Winner determined after Gameplay Ends
Games where the winner(s) are determined after gameplay ends.
Many games give players to goal to win them against other players or against the game system. While some do this by giving goals that result in winning and ending games, others make players invest their efforts in various ways and only after some criteria has cause gameplay to end reveal or calculate who actually won (if anybody). The latter type of games make use of the pattern Winner determined after Gameplay Ends.
- 1 Examples
- 2 Using the pattern
- 3 Consequences
- 4 Relations
- 5 History
- 6 References
- 7 Acknowledgements
Go and Bridge are two classical games where the winner is formally declared after gameplay ends by calculating each player or teams score; Puerto Rico is a more modern example. So are the games Amun-Re, Concordia, Dominion, Egizia, and Race for the Galaxy but here some information is hidden so players may not be aware of who the actual winner is.
Gambling Games such as Roulette, Poker, and Texas Hold'em determine the winner after players have caused gameplay to end as a result of their actions, at least it viewing each round as a separate game instance.
Using the pattern
Designing a game with Winner determined after Gameplay Ends requires setting one or more criteria for when gameplay ends as well as a way of determining a winner. The most common solution to the latter is the use of Scores. Since Winner determined after Gameplay Ends requires at least two players to be relevant, the pattern isn't compatible with Single-Player Games.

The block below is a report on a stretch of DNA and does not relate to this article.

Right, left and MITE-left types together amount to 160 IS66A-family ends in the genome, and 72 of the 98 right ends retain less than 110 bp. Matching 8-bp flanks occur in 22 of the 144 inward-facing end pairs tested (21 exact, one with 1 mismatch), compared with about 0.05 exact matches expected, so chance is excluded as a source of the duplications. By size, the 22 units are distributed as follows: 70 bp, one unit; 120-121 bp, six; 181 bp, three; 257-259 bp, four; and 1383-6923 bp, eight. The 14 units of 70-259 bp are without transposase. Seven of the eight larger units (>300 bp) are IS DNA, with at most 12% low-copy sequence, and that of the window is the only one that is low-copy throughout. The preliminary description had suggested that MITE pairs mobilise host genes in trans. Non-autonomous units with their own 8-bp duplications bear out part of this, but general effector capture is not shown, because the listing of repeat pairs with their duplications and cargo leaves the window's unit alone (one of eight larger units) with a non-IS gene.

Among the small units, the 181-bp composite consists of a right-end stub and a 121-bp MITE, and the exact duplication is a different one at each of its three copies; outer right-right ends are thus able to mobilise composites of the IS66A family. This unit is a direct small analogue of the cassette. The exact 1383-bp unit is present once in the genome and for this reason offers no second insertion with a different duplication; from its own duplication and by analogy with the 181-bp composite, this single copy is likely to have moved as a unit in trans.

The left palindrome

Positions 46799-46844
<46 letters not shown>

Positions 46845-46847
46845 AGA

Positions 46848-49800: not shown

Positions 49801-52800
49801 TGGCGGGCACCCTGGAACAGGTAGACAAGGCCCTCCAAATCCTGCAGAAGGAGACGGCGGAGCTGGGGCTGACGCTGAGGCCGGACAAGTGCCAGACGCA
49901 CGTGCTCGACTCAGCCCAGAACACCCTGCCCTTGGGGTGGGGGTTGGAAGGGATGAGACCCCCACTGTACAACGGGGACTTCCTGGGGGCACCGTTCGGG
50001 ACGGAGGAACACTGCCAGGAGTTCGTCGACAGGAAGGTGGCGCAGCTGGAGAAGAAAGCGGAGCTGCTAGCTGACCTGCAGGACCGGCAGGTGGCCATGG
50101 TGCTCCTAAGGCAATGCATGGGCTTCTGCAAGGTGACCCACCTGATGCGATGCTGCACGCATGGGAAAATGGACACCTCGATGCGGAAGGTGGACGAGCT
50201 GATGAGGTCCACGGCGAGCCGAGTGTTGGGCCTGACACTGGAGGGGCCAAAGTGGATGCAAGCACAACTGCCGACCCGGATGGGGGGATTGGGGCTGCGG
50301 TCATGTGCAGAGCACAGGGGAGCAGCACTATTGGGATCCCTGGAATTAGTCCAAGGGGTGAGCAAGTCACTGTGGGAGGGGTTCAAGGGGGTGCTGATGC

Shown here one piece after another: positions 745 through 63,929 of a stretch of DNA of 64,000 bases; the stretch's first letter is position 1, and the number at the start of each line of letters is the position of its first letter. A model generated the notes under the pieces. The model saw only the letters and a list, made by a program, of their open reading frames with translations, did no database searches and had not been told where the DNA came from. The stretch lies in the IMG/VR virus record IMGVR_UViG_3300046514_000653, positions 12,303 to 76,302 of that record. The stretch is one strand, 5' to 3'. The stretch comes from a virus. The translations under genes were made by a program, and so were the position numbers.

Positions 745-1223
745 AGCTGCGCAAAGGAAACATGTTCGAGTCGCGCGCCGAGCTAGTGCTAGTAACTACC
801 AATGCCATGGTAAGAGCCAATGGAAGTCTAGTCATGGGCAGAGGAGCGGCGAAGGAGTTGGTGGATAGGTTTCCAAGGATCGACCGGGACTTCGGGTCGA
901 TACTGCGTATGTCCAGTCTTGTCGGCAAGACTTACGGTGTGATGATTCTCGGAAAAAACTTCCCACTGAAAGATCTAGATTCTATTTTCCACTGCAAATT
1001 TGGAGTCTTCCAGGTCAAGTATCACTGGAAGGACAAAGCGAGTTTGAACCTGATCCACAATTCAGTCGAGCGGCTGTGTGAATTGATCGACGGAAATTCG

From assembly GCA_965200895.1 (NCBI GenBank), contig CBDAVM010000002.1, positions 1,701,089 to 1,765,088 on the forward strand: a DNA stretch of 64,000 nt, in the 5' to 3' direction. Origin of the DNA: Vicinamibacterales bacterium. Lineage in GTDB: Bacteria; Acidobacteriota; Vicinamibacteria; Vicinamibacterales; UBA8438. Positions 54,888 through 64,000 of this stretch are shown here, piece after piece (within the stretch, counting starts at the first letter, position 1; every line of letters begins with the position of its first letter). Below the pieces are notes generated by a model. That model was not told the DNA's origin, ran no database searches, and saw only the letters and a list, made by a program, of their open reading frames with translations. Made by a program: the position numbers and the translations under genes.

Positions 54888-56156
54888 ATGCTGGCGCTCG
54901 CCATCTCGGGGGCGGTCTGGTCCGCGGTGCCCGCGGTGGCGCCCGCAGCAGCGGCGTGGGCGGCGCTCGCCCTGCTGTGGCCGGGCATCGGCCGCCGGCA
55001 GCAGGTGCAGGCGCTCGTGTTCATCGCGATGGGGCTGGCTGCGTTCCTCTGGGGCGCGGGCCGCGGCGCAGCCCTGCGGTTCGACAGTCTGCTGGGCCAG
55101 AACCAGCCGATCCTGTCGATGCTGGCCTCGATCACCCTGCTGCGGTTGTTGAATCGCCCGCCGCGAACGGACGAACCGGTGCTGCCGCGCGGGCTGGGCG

If winners can be calculated before gameplay ends, i.e. through a Predictable Winner, the pattern ceases to work. Thus, Imperfect Information needs to be present although Complex Gameplay or Solution Uncertainty can make the calculation difficult enough that for practical concerns it cannot be done with certainty before gameplay ends. Secret Scoring Mechanisms is an even surer solution to this issue, and the use of it together with Winner determined after Gameplay Ends at least creates Higher-Level Closures as Gameplay Progresses related to the closure of who wins the game. The presence of Game Termination Penalties can modify Winner determined after Gameplay Ends heavily since can remove players from being able to influence the game state for some time before the winner is determined.
Winner determined after Gameplay Ends relies on the presence of Game Over, so it can be said to modulate that pattern and more specifically Time Limited Game Instances when these exist in games besides Winner determined after Gameplay Ends. Not knowing who will win a game until gameplay is over typically causes Anticipation and Tension; which a player feels most strongly depends on their subjective perceptions of their chances of winning. Quite naturally, it affects Endgame phases in games which have these.
Players that believe they are in the lead of a game with Winner determined after Gameplay Ends may try to perform Speedending of that game if other players are perceived as going to take over the lead in the future. Players noticing that gameplay will end soon for this reason or others may do a Construction/Scoring Phase Shift in games where this is possible. Successful Speedending of games with Winner determined after Gameplay Ends actually causes Winning by Ending Gameplay to occur even if this is other circumstances is incompatible with Winner determined after Gameplay Ends.
By definition, Winner determined after Gameplay Ends is incompatible with Unwinnable Games and Winning by Ending Gameplay. It can also make players not detect Unwinnable Game States (at least if they don't have Perfect Information and can understand the complete game state). As stated above, the use of Secret Scoring Mechanisms together with Winner determined after Gameplay Ends is a way to create Higher-Level Closures as Gameplay Progresses.
Can Be Instantiated By
Can Be Modulated By
Possible Closure Effects
Potentially Conflicting With
New pattern created in this wiki.